At relatively large diameters, the specific surface area is insensitive to an increase in diameter At very small diameters the surface area is comparatively very sensitive. Relatively high surface area most often reflects a relatively small particle size, except porous or strongly agglomerated mass Small particles (thus of high surface area) agglomerate more readily, and often to render the inner pores and surfaces inaccessible to dissolution medium
4. SOLUBILITY Solubility > 1 % w/v => no dissolution-related absorption problem Highly insoluble drug administered in small doses may exhibit good absorption Unstable drug in highly acidic environment of stomach, high solubility and consequent rapid dissolution could result in a decreased bioavailability The solubility of every new drug must be determined as a function of pH over the physiological pH range of 1 - 8
4.1 Determination of Solubility 4.1.1 Semiquantitative determination: Solvent Vigorously Examine(fixed volume) shaking visually Adding solute in small incremental amounts Undissolved solute particles ? No Yes “LAW OF MASS ACTION” Estimated solubility Total amount added up
4.1.2 Accurately Quantitative determination: Shaking at constant Excess drug powder Ampul/vial temperature 150 mg/ml (15 %) (2-5 ml) (25 or 37 oC) + solvent 2 - 8 oC ? The first few ml’s of the filtrates should be discarded due to possible filter adsorption 48 hr Determine the drug Membrane filter concentration in the 0.45 µm filtrate 72 hr Same Determine the drug Membrane filterconcentration ? concentration in the 0.45 µm filtrate ? hr Solubility Determine the drug Membrane filter concentration in the 0.45 µm filtrate
4.1.3 Unique Problems in Solubility Determination of Poorly Soluble Compounds Solubilities could be overestimated due to the presence of soluble impurities Saturation solubility is not reached in a reasonable length of time unless the amount of solid used is greatly in excess of that needed to saturation Many compounds in solution degrade, thus making an accurate determination of solubility difficult Difficulty is also encountered in the determination of solubility of metastable forms that transform to more stable forms when exposed to solvents
4.2 pH-Solubility Profile Stir in beaker Continuous Excess drug with distilled stirring of powder water suspensionDetermine theconcentration Filter Measure Stirring Add of drug in pH of acid/base the filtrate suspension SOLUBILITY pH
4.3 Salt Forms (cont.)Quinolones enoxacin, norfloxacin, ciprofloxacinSalt forms lactate, acetate, gluconate, galacturonate, aspartate, glutamate, etc.Solubility Free base : < 0.1 mg/ml (25 oC) Salt forms : > 100 mg/ml (25 oC)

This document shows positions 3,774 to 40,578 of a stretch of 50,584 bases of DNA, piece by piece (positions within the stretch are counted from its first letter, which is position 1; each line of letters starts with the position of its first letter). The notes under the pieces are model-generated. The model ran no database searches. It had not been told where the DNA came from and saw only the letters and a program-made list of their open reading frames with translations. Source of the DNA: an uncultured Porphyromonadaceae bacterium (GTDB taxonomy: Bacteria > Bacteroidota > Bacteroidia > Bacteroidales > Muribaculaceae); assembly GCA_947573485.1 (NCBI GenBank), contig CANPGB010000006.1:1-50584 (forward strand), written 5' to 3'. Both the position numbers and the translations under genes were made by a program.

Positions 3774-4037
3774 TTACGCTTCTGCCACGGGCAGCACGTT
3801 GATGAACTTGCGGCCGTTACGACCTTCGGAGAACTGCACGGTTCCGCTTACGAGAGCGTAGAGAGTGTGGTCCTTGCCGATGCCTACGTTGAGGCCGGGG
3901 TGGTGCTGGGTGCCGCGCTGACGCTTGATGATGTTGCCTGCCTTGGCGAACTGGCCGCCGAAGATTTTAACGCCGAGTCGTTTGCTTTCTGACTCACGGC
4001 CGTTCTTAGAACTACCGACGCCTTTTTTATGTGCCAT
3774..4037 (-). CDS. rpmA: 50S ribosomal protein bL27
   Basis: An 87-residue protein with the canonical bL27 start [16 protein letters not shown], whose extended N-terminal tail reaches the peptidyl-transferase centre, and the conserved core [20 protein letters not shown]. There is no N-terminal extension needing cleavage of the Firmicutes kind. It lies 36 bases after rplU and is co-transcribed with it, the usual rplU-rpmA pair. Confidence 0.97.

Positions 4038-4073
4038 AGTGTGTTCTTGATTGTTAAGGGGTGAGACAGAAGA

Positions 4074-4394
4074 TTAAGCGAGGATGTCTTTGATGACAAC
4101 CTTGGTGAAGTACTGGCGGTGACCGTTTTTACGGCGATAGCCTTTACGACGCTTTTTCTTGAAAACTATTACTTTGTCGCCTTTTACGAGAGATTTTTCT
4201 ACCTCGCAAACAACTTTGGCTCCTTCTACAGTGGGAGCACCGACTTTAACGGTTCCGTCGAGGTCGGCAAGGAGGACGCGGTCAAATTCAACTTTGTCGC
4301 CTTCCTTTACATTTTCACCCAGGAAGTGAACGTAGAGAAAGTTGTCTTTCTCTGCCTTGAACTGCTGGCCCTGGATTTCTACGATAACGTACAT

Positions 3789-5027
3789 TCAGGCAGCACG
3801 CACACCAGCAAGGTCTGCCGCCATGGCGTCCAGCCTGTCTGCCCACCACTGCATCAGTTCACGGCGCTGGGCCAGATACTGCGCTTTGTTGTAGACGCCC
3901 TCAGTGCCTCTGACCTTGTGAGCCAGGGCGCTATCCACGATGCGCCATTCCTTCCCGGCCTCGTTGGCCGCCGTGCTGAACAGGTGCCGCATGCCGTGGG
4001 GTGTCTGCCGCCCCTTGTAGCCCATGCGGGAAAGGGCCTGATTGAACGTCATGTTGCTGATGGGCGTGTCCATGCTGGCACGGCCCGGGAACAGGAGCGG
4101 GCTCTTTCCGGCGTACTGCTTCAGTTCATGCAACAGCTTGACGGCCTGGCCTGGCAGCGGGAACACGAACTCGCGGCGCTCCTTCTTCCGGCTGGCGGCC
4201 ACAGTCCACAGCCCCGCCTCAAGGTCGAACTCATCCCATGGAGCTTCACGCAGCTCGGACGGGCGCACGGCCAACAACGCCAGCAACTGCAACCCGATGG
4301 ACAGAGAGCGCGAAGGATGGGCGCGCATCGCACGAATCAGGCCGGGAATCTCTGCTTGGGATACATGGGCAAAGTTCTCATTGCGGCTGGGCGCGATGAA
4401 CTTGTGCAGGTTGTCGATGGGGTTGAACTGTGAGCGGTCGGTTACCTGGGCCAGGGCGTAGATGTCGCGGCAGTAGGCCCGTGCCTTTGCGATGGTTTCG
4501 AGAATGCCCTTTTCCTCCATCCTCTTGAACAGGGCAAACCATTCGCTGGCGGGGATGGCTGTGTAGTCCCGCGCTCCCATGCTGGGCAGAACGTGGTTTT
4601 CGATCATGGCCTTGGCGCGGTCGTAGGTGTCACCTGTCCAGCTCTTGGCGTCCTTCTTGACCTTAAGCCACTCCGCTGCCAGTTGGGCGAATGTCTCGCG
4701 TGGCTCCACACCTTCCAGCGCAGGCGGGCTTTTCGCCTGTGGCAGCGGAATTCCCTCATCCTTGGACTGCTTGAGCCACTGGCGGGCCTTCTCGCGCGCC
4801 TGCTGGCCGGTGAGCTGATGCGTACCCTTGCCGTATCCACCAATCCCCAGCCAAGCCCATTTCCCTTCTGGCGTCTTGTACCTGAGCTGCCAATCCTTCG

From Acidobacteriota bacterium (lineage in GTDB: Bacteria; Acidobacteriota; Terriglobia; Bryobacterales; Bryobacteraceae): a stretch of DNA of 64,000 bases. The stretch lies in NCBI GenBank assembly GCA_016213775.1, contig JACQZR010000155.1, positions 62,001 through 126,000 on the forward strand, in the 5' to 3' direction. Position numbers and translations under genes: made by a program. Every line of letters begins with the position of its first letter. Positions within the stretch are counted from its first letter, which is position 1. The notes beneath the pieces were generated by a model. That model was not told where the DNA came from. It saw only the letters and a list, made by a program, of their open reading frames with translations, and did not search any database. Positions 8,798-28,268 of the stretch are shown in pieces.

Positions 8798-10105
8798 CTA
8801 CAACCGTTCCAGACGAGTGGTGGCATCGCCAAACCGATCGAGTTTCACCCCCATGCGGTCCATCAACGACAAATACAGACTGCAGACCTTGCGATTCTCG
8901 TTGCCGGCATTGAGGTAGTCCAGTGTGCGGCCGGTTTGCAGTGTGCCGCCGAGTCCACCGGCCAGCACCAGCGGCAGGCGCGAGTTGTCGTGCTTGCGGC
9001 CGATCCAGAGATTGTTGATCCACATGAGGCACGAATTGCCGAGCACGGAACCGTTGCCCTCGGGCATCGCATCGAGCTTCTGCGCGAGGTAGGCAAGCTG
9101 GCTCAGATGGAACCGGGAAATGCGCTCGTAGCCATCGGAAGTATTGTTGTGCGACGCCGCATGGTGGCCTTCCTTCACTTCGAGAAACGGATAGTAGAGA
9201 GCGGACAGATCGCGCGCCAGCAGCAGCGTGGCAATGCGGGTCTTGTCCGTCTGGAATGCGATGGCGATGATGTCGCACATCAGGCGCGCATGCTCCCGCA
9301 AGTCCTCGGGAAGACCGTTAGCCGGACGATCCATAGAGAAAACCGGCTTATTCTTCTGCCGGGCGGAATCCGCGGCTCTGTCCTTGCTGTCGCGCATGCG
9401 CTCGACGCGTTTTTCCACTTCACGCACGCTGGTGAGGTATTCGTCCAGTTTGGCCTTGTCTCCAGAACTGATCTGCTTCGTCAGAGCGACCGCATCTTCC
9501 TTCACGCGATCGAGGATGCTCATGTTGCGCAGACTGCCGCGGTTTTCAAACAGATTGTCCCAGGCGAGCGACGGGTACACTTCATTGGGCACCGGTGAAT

4.4 Solubilization Drug not an acidic or basic, or the acidic or basic character not amendable to the formation of a stable salt Use more soluble metastable polymorph Use of complexation (eg. Ribloflavin-xanthines complex) Use of high-energy coprecipitates that are mixtures of solid solutions and solid dispersions (eg. Griseofulvin in PEG 4000, 6000, and 20,000) in PEG 4000 and 20,000 -> supersaturated solutions in PEG 6000 -> bioavailability in human twice > micronized drug Use of suitable surfactant
4.4.1 Complexation Complexation can be analyzed and explained on the basis of “law of mass action” as follows: D (solid) D (solution) (4) xD + yC DxCy (5) St = [D] + x[DxCy] (6)where D = drug molecule C = complexing agent (ligand) St = total solubility of free drug [D] and the drug in the complex [DxCy]
Ligand (Complexing Agents)- Vitamin K - Caffeine- Menadione - Benzoic acid- Cholesterol - PEG series- Cholate salt - PVP- β-cyclodextrinFormulation point of view:1. How much will a specific complexing agent be used for a certain amount of drug?2. How does the resultant complex affect the safety, stability, and therapeutic efficacy of the product?
Stoichiometric ratio = moles of drug in complex moles of complexing agent in the complex (7) x:y = DT - R (8) b-aDT = Amount of total drug added in excess (than its solubility) to the system
5. Dissolution kd << ka => “dissolution rate-limited” kd ka ke C, VcD Xg Dissolution Absorption Xc Elimination Absorption site Central compartment (gi-tract) (blood circulation) Diagram showing dissolution and absorption of solid dosage form into blood circulation
5.1 Intrinsic Dissolution5.1.1 Film Theory The dissolution of a solid in its own solution is adequately described by Noyes-Nernst’s “Film Theory ” -dW = DAK (Cs - C) (9) dt hwhere dW/dt = dissolution rate A = surface area of the dissolving solid D = diffusion coefficient K = partition coefficient h = aqueous diffusion layer Cs = solubility of solute C = solute concentration in the bulk medium
5.1 Intrinsic Dissolution 5.1.1 Film TheoryThe dissolution of a solid in its own solution is adequately described by Noyes-Nernst’s “Film Theory” Cs - dW/dt = ADK(Cs- C)/hdW/dt = dissolution rate of solid DA = surface area of dissolving solid AD = diffusion coefficientK = partition coefficientCs = solubility of soluteC = solute concentration in bulk medium hh = aqueous diffusion layer thickness